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World stocks rise despite short U.S. government shutdown

By David Randall
World stocks rise despite short U.S. government shutdown

By David Randall

NEW YORK (Reuters) - U.S. stocks surged on Monday after senators in Washington reached a deal to reopen the federal government, ending a 2-1/2-day shutdown that world markets largely took in stride.

U.S. stocks jumped to session highs after reports that the Senate had struck an agreement to keep the government funded until Feb. 8.

The Dow Jones Industrial Average <.DJI> rose 142.88 points, or 0.55 percent, to 26,214.6, the S&P 500 <.SPX> gained 22.67 points, or 0.81 percent, to 2,832.97, and the Nasdaq Composite <.IXIC> added 71.65 points, or 0.98 percent, to 7,408.03.

"It’s had very little lasting effects on the market in the past. I think this is just another incidence of that occurring," Bruce Zaro, chief technical strategist at Bolton Global Asset Management in Boston, said of the government shutdown, which began Friday at midnight.

U.S. Treasury yields, which tended to fall during previous government shutdowns, rose as investors saw limited economic fallout from the political standoff and focussed instead on a global economy motoring ahead and U.S. inflation pressures.

World markets were unfazed by the shutdown earlier in the day. The benchmark U.S. 10-year Treasury yield <US10YT=RR> on Monday closed at its highest level in more than three years, an extension of the selloff in U.S. bonds since September.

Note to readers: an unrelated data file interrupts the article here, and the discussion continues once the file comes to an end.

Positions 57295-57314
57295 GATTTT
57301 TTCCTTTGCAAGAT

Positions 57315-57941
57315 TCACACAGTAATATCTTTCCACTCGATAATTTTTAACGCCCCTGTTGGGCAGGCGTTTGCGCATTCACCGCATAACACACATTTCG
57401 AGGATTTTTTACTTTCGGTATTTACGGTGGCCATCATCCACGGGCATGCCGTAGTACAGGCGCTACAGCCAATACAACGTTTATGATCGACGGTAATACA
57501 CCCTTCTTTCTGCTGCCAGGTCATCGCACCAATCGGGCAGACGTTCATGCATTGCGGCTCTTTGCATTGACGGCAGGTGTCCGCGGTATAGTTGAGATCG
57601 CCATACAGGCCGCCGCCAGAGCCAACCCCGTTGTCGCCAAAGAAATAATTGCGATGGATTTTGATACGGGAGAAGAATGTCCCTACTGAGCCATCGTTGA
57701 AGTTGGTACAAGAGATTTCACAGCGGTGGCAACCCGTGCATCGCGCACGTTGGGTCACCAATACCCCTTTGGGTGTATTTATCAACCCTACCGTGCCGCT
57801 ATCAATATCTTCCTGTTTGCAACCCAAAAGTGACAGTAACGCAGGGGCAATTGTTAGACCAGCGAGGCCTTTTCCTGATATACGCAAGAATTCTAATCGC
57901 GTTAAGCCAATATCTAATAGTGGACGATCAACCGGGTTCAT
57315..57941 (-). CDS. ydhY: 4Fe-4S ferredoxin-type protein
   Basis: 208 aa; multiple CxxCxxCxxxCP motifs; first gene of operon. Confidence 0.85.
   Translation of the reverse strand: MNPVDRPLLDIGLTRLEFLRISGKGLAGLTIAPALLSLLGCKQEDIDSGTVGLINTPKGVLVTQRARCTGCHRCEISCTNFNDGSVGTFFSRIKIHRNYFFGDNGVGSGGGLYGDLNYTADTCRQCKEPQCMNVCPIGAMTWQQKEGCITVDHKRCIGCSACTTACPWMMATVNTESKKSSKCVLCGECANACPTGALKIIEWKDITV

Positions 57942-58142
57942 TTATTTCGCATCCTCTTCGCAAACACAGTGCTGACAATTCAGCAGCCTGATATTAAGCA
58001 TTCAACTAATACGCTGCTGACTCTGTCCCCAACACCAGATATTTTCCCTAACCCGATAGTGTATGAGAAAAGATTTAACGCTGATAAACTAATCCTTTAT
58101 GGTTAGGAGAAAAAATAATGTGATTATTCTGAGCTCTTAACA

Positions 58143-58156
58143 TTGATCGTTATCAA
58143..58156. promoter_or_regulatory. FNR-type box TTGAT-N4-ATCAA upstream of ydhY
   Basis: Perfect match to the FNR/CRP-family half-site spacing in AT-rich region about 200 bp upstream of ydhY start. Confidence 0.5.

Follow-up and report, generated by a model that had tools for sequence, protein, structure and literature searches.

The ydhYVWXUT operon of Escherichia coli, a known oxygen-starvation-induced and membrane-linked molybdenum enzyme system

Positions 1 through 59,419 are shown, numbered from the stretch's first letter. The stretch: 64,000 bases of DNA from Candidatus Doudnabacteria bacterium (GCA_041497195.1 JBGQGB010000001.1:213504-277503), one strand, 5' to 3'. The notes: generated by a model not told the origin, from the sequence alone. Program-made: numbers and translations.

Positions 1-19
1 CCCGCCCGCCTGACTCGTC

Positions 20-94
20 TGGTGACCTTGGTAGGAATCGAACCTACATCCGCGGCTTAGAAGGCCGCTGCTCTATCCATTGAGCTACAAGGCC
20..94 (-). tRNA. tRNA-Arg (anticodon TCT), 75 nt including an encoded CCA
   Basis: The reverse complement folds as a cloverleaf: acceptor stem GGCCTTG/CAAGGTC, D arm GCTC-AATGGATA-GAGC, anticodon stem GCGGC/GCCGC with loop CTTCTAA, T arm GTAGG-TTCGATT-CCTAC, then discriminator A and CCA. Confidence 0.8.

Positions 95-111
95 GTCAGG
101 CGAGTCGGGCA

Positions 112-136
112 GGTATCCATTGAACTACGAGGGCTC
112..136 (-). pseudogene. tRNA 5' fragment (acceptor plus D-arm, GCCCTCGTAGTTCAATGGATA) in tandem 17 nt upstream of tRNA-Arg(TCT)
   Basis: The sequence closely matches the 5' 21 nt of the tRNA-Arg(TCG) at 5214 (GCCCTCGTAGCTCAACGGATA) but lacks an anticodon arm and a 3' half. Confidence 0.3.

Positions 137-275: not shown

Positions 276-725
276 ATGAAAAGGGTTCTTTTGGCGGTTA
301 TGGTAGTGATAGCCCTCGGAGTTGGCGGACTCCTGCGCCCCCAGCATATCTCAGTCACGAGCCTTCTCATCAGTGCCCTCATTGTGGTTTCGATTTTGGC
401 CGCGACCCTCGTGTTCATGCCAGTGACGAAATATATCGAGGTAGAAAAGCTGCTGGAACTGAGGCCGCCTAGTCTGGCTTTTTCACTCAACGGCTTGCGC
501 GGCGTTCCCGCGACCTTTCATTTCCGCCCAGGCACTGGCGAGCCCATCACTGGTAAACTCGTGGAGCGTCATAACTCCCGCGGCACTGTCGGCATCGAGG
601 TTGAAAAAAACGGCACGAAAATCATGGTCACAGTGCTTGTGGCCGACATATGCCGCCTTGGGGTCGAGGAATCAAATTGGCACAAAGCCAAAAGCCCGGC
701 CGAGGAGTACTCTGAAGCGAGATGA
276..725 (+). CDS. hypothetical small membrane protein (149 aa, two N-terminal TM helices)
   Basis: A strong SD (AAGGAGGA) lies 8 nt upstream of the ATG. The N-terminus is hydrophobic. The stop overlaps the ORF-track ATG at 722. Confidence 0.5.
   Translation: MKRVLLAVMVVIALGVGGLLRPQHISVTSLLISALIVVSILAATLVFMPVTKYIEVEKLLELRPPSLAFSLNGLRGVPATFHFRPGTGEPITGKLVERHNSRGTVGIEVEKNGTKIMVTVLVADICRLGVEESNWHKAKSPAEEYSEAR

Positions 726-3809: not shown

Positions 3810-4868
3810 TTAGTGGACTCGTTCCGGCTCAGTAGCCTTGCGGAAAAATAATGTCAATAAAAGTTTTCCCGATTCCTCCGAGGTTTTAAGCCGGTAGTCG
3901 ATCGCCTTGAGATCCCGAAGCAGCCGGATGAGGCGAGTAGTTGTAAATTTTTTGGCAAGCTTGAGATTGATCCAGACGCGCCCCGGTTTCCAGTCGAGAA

The rise in U.S. shares followed broad gains in Europe, where markets focussed on a flurry of mergers and acquisitions and upcoming corporate earnings reports. Progress toward an end to political deadlock in Germany helped the mood.

The pan-European STOXX 600 <.STOXX> index was up 0.3 percent, with major indexes rising in France and Germany. The UK's FTSE <.FTSE> was the main exception, dropping 0.2 percent.

The MSCI world equity index <.MIWD00000PUS>, which tracks shares in 47 countries, rose 0.4 percent.


The dollar remained stuck near three-year lows, continuing its weak start to the year. The dollar index <.DXY> fell 0.2 percent, with the euro <EUR=> up 0.3 percent to $1.2257.

In European bond markets, Spain's borrowing costs <ES10YT=TWEB> dropped to a six-week low and the gap over its German peers <DE10YT=TWEB> fell to its tightest in almost three years after Fitch Ratings gave Spain its first "A" rating since the euro zone debt crisis.

Greece's short-dated yields <GR2YT=TWEB><GR5YT=TWEB> also fell after S&P Global Ratings upgraded the country's credit ratings for the first time in two years.

Most other euro zone bond yields were little changed. Analysts said investors were probably moving to the sidelines before the European Central Bank's first meeting of 2018 this Thursday.

Oil prices rose near three-year highs, with U.S. crude <CLcv1> gaining 0.84 percent to $63.84 per barrel and Brent <LCOcv1> at $69.26, up 0.95 percent on the day.

Spot gold <XAU=> added 0.2 percent to $1,334.34 an ounce. U.S. gold futures <GCcv1> gained 0.05 percent to $1,333.80 an ounce.

(Reporting by David Randall; Editing by James Dalgleish and Leslie Adler)